If these boys can't spot an open mic in the near vicinity how are we supposed to have confidence they'll notice an incoming ballistic missile?

This was a meeting of the West's premier military alliance reduced to the equivalent of a spat between competitors at the local garden fete over who deserved the rosette for Biggest Pumpkin in Show.

Trump may be the frontline NATO narcissist but he isn't its sole ego-warrior. They're all jostling for the prize there.

And sadly that's what the story became this week. Not discussion about the need for NATO or its worth or its cost.

Instead we got analysis from body language "experts" about whether Trump was tetchy or Trudeau keen to make amends.

But we don't need body language experts to tell us that it's always all about them - leaders pushing their own agendas. Although in fairness in this case, despite their division they were still prepared to hang together for the common good.

Which brings us to our own lot back at home.

In the run-up to the election next week the big story in Northern Ireland right now is the inescapable evidence of public services collapsing around us.

Health workers, dedicated professionals who have put heart and soul and unappreciated hours into the NHS have been forced this week into industrial action that has already caused real difficulty and distress.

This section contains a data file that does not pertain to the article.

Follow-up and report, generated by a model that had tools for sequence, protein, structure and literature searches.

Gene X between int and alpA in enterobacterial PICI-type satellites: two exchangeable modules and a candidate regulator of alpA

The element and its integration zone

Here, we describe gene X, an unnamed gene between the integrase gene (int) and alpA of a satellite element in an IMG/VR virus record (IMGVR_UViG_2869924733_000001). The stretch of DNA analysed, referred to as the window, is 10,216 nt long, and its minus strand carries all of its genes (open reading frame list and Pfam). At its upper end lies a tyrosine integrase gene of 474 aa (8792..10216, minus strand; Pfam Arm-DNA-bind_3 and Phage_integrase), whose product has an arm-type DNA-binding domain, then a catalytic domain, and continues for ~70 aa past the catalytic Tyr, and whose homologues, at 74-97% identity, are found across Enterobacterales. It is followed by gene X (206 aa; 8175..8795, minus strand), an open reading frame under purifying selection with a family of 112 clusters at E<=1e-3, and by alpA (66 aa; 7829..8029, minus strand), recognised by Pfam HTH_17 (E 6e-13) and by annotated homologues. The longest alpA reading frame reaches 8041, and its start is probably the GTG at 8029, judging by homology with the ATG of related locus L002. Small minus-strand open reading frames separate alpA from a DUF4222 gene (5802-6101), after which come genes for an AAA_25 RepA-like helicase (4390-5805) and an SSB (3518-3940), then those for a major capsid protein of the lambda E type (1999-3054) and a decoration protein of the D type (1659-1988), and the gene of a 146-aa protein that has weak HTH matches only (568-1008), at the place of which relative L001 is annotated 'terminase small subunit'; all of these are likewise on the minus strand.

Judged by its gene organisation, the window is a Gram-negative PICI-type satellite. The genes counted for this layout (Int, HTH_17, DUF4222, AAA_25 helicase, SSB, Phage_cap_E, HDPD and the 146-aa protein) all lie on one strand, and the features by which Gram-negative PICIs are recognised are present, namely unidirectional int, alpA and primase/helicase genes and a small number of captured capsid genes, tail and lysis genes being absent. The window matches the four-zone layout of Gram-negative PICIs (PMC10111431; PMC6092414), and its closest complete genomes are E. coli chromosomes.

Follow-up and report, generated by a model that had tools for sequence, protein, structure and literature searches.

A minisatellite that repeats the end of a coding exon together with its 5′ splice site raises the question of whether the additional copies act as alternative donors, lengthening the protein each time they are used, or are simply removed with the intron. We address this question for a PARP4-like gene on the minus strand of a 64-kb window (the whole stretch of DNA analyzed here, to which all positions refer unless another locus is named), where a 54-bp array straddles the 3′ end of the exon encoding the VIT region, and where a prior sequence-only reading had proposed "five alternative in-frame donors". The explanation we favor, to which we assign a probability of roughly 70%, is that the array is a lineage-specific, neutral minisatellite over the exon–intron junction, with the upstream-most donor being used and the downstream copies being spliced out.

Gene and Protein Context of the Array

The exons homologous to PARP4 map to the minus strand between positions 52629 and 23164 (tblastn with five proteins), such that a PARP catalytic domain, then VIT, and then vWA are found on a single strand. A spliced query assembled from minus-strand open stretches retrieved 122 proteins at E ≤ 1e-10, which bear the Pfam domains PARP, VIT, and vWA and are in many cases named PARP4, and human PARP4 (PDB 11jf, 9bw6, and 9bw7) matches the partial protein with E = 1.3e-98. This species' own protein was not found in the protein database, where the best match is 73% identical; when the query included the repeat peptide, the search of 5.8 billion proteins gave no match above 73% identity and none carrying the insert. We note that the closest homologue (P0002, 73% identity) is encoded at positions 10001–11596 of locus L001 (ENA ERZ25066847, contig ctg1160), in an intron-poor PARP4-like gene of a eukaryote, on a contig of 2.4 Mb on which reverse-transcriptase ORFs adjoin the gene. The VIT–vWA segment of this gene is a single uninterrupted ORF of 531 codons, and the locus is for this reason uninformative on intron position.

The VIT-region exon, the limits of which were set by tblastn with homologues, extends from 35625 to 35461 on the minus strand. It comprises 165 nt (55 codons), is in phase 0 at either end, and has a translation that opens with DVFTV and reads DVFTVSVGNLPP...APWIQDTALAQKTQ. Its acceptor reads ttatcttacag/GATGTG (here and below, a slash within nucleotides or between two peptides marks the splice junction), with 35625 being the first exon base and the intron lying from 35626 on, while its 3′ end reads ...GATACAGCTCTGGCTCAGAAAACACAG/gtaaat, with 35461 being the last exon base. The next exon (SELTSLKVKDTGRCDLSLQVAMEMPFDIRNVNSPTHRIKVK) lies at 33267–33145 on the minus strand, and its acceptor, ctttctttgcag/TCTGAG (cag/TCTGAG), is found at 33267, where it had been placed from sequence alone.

We have no Assembly or Executive to address this.

Politicians being huffy with each other isn't such a new thing. As this week's NATO fallout has shown it's often just a diversion from the real story.

But the Stormont stand-off is on a whole different level. It's causing real harm to some of the most vulnerable people in the country.

Perhaps this week's industrial action will finally start to bring things to a head.

But the inescapable reality that's been staring us in the face for ages now is that the Assembly has failed.

Our politicians refuse to work together for the common good.

Their political epitaph will be that their pre-conditions were more important than human life.

It's over. Time for Westminster to take control.

Climate summit in Madrid just plane crazy